a6

Every processor inside every iOS device to date has been “custom” designed by Apple. By that we mean the company has licensed application processors from ARM, graphics processors from Imagination Technologies, and then arranged various other components onto a chip that would then be manufactured by Samsung. Last week, when Apple announced the iPhone 5, they said that their latest creation, the A6, was at the heart of it. It may be the first Apple chip to have Apple designed cores.

Tegra-3

Nvidia saw its profit double in Q2 2012, thanks to the high demand for Tegra 3 chips. The growth in sales for Nvidia’s mobile chips are compensating for Nvidia’s slow decay into irrelevance in the PC market, as manufacturers are replacing most Nvidia’s GPU’s in laptops with Intel’s integrated graphics chips. However, Nvidia might still be the one to have the one to emerge as winner against Intel with the fast growth of the mobile industry.

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Although we haven’t even seen the first generation of Mali T600 series GPUs shipping, ARM is already announcing the second generation of T600 GPUs, not only for the Mali T604, but also for the GPU-compute-oriented Mali T658. These second generation GPUs are the Mali T624 (4 cores) and Mali T628 (8 cores) for the graphics-oriented chips, and Mali T678 for the GPU compute oriented product. Why is ARM announcing such a confusing move right now? Because it seems that, while they think GPU compute will be an important part of mobile GPUs in the future, they aren’t sure just how…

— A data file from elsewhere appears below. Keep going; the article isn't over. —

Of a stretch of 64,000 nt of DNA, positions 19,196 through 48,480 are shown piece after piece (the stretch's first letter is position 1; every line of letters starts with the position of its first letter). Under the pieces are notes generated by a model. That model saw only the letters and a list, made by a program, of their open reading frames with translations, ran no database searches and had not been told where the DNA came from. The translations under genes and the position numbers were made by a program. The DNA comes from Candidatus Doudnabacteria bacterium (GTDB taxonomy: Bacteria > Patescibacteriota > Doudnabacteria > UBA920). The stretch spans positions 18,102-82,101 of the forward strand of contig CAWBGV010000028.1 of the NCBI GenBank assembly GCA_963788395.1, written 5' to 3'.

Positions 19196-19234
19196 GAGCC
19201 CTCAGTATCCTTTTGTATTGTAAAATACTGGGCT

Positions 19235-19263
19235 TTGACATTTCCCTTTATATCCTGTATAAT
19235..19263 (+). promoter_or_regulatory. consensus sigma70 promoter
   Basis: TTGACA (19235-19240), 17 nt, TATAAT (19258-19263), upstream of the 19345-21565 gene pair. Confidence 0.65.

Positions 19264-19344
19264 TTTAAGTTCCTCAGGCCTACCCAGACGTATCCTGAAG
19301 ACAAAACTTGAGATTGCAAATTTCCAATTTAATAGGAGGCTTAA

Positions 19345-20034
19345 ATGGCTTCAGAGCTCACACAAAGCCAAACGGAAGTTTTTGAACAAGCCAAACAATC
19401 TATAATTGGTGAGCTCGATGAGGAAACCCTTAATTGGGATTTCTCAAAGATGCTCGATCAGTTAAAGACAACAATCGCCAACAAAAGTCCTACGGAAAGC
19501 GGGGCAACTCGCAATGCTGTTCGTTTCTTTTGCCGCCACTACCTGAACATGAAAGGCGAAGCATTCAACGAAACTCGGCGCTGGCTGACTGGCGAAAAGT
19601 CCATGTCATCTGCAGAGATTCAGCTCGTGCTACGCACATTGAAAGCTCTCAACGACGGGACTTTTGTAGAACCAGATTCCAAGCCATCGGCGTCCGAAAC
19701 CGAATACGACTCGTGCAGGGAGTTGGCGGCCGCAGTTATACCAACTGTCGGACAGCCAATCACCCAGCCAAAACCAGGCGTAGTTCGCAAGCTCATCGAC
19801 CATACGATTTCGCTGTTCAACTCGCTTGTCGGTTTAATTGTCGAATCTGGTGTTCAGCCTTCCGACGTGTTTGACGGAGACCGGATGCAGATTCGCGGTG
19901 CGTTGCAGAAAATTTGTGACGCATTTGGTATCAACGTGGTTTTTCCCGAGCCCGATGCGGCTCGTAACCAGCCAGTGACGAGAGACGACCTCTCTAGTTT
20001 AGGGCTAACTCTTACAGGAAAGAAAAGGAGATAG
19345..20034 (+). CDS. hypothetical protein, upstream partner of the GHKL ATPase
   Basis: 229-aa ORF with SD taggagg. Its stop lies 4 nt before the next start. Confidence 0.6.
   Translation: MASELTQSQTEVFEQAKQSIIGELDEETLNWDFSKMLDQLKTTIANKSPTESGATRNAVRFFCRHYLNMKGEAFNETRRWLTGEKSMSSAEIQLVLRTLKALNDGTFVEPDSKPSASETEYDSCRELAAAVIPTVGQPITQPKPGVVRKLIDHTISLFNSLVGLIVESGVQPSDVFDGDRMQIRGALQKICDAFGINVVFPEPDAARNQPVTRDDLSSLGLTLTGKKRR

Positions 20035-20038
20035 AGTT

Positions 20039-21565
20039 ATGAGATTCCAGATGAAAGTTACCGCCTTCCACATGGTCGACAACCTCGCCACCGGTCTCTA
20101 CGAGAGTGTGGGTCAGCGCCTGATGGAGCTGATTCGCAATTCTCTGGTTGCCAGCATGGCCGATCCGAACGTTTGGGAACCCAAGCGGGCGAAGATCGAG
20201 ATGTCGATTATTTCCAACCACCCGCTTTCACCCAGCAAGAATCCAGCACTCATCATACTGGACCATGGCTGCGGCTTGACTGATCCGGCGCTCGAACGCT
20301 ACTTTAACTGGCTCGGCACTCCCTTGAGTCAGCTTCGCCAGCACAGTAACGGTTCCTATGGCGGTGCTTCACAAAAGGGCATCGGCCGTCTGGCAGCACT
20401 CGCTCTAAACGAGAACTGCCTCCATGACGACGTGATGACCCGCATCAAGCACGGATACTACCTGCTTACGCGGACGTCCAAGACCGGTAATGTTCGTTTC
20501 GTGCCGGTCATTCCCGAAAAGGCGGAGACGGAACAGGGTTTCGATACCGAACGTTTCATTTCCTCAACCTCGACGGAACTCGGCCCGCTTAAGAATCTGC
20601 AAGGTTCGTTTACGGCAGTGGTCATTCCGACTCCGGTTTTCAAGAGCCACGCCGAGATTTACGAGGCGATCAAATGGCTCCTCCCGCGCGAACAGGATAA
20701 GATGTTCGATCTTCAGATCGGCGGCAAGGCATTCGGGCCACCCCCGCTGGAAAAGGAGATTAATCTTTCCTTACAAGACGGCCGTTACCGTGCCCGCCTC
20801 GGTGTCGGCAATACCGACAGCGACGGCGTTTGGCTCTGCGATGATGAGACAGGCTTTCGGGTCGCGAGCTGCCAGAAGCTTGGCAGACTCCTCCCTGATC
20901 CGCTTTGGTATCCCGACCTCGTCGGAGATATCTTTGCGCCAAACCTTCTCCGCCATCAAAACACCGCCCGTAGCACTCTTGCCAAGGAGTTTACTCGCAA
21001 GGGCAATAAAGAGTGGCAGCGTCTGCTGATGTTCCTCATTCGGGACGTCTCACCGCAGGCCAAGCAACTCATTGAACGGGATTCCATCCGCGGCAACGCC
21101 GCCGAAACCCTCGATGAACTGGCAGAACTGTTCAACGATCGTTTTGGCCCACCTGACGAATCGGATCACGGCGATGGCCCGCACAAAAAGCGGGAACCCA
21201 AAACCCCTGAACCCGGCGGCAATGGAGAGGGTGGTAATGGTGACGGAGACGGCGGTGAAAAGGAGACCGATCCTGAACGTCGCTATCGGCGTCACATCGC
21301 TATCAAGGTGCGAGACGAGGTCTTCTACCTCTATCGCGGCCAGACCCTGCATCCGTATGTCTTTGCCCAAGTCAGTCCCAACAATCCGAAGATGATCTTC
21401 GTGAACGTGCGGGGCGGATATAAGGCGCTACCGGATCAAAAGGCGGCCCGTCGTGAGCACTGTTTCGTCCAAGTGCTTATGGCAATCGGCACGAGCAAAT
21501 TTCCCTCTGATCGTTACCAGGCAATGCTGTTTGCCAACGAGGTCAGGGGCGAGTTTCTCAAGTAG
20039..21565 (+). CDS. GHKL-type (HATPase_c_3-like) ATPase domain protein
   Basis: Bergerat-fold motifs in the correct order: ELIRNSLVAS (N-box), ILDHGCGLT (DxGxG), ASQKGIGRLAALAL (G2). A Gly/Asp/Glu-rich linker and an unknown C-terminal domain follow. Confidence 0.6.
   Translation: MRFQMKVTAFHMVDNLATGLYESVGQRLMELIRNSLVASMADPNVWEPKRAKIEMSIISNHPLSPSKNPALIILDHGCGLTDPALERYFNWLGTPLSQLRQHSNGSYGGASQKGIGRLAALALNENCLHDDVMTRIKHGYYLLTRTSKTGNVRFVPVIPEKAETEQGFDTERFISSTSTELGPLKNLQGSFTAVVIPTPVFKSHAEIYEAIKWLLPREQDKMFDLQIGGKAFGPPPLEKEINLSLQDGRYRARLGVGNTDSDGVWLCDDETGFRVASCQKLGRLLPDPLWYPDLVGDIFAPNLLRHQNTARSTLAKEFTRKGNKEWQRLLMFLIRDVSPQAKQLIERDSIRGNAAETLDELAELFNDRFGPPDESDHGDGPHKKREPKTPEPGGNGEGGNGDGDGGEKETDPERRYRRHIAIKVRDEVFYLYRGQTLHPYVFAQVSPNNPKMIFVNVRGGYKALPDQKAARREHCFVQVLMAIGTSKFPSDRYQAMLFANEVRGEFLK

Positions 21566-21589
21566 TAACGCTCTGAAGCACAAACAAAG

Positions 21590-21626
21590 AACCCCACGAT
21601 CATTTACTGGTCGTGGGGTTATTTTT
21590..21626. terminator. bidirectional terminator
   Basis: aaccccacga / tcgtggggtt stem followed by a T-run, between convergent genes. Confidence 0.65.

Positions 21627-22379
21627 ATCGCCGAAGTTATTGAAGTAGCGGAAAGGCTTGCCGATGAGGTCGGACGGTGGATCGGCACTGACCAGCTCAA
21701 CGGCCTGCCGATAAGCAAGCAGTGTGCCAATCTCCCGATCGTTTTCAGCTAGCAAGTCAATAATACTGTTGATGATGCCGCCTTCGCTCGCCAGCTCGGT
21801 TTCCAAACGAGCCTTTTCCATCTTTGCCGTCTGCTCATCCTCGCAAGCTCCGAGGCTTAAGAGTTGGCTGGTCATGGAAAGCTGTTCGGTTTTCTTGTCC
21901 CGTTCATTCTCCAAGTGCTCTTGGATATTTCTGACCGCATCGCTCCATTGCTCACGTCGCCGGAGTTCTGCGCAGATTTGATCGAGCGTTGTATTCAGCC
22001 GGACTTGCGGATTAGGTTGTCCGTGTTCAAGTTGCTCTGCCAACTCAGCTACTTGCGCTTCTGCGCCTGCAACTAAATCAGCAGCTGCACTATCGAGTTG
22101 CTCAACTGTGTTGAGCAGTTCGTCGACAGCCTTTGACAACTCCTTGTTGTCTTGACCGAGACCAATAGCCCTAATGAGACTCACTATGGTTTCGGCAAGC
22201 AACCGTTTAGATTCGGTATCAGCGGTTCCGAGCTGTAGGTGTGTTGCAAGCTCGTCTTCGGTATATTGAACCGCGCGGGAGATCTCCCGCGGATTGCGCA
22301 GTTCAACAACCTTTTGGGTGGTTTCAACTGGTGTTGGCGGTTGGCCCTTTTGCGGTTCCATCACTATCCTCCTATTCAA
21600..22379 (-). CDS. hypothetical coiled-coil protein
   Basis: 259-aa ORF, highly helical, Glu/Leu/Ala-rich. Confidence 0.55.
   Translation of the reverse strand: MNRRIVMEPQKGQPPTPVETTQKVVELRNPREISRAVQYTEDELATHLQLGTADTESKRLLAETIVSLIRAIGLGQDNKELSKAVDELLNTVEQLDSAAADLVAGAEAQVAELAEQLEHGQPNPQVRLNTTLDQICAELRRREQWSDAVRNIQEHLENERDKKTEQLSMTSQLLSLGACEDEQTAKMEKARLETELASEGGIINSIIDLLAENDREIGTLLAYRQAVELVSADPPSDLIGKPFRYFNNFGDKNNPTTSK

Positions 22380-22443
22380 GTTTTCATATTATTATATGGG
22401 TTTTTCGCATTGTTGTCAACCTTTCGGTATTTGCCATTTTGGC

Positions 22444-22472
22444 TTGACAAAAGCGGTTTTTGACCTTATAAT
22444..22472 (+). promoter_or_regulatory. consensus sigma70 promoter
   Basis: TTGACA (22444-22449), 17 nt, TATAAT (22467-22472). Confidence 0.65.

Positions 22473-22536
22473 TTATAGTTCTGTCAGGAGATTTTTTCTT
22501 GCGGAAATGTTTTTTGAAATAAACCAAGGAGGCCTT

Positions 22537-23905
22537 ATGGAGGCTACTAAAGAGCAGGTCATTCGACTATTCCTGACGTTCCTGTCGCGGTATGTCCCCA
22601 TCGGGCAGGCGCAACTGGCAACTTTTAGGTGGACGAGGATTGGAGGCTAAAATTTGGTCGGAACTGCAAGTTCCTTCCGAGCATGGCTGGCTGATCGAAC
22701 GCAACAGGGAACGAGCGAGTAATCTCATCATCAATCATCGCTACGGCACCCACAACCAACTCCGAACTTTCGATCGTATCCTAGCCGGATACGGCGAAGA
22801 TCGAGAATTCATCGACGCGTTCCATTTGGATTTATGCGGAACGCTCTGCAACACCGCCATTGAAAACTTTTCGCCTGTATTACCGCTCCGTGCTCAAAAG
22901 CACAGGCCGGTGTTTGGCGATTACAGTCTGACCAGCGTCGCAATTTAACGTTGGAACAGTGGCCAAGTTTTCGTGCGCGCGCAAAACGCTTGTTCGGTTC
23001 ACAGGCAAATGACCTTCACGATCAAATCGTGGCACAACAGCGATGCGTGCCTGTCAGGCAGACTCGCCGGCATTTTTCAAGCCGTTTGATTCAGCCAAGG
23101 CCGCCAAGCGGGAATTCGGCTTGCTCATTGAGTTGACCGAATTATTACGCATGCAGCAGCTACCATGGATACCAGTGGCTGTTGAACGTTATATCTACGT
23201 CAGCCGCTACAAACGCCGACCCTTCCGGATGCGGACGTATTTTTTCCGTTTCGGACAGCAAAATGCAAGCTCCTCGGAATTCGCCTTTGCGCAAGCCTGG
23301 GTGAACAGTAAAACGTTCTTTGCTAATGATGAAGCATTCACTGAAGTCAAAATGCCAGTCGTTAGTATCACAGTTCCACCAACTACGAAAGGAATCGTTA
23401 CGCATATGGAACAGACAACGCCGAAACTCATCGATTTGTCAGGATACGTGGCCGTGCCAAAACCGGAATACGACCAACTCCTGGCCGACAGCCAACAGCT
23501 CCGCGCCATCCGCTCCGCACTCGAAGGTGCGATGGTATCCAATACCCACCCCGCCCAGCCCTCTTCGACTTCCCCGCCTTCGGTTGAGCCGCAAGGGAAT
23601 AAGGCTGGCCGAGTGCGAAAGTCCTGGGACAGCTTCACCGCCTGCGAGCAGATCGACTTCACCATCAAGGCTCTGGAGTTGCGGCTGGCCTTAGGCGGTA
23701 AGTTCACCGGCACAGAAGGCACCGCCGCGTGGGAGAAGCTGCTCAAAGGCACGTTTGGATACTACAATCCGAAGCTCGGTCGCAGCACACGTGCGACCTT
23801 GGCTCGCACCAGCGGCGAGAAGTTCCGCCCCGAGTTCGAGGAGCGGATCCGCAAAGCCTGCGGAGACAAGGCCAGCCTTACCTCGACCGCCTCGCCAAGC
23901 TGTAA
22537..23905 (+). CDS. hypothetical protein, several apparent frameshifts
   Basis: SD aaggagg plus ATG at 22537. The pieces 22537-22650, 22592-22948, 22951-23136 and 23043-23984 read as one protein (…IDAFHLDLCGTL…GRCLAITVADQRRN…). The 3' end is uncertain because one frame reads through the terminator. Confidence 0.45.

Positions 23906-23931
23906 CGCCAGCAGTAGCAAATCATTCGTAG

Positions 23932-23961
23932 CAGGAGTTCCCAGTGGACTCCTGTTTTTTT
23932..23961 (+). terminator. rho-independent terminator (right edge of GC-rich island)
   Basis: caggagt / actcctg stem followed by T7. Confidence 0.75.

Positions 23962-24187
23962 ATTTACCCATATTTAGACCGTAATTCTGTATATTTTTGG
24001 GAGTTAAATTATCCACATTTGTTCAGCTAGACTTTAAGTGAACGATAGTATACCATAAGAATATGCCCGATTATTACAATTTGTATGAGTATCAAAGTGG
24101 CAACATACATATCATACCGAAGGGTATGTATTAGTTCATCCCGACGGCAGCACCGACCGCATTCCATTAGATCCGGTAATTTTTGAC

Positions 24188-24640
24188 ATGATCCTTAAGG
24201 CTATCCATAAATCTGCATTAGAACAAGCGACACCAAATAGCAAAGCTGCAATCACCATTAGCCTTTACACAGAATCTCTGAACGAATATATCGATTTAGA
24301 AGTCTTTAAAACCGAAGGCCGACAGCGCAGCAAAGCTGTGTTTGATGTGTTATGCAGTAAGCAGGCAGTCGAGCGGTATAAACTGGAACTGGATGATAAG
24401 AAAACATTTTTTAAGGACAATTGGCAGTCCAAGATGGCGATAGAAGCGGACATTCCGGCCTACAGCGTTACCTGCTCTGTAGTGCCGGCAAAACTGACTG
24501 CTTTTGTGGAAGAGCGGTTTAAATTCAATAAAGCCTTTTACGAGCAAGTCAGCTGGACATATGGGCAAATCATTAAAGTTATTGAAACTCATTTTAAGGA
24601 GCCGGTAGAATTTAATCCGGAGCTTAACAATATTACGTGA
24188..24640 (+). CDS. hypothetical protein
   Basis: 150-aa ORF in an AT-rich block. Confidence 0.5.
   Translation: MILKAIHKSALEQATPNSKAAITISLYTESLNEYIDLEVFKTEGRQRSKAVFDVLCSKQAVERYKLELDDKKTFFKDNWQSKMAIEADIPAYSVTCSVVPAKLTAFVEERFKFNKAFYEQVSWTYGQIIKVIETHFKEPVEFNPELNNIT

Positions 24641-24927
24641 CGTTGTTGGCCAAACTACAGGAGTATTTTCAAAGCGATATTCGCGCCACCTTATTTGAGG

IBM Designates UMC to Make Its 20nm FinFET Chips

Intel went FinFET (or tri-gate transistors as they call them) at 22nm with Ivy Bridge, and now the #1 foundry, TSMC, and the #2 foundry, UMC, will also go to FinFET for the next gen 20 nm process. However, mass production of 20nm ARM chips will probably not happen until 2014, considering 28nm is barely here in 2012, and it usually takes 2 years for the new process technology to be ready. Apparently, the planar FinFET technology that these foundries intend to use is better suited for mobile SoC’s, like the ones from ARM, and it should bring a performance…

vizio-co-star-google-tv

The Vizio Co-Star Google TV might be the first Google TV box that’s worth buying. It now has access to the Google Play Store, which should include access to XBMC, support for OnLive gaming, and great specs for the low price of $99. Take all this into account and it’s not hard to imagine why the Vizio Co-Star sold out in just 12 hours from launch. I can’t stress enough how important the $99 price tag is for set-top boxes or mini-consoles like the OUYA, which also uses ARM chips. It’s the sweet spot for pricing such a device, and I wish Google…

intel-logo

No matter how hard Intel is trying, things don’t seem to go too well for them in the mobile market. According to sources quoted by Digitimes, the sales of the Intel-based smartphones aren’t going so well, and now two of their main partners, Motorola and Lenovo, are delaying their own Medfield-based tablets (and probably phones as well) at least until November. At that point, we’ll probably be too impressed by the new Android 5.0 Nexus devices, featuring chips like the S4 Pro, Exynos 5250 and even OMAP 5, to care for Medfield phones running Jelly Bean. So things aren’t looking…

ARM-Chip

It seems that ARM has beaten again the forecasters’ predictions for Q2 2012, and even better, the British chip designer outperformed the industry as well. While Intel and Qualcomm had to reduce expectations for their results, ARM surprised everyone with a 23% profit surge in the last quarter, or a $103.2 million pre-tax profit for $135 million worth of sales. Analyst Julian Yates at Investec said it was a good set of numbers – “It’s 5 percent ahead of our profit number, and they have beats on top-line royalties and licenses”. Admittedly, ARM is not playing with billions every quarter like…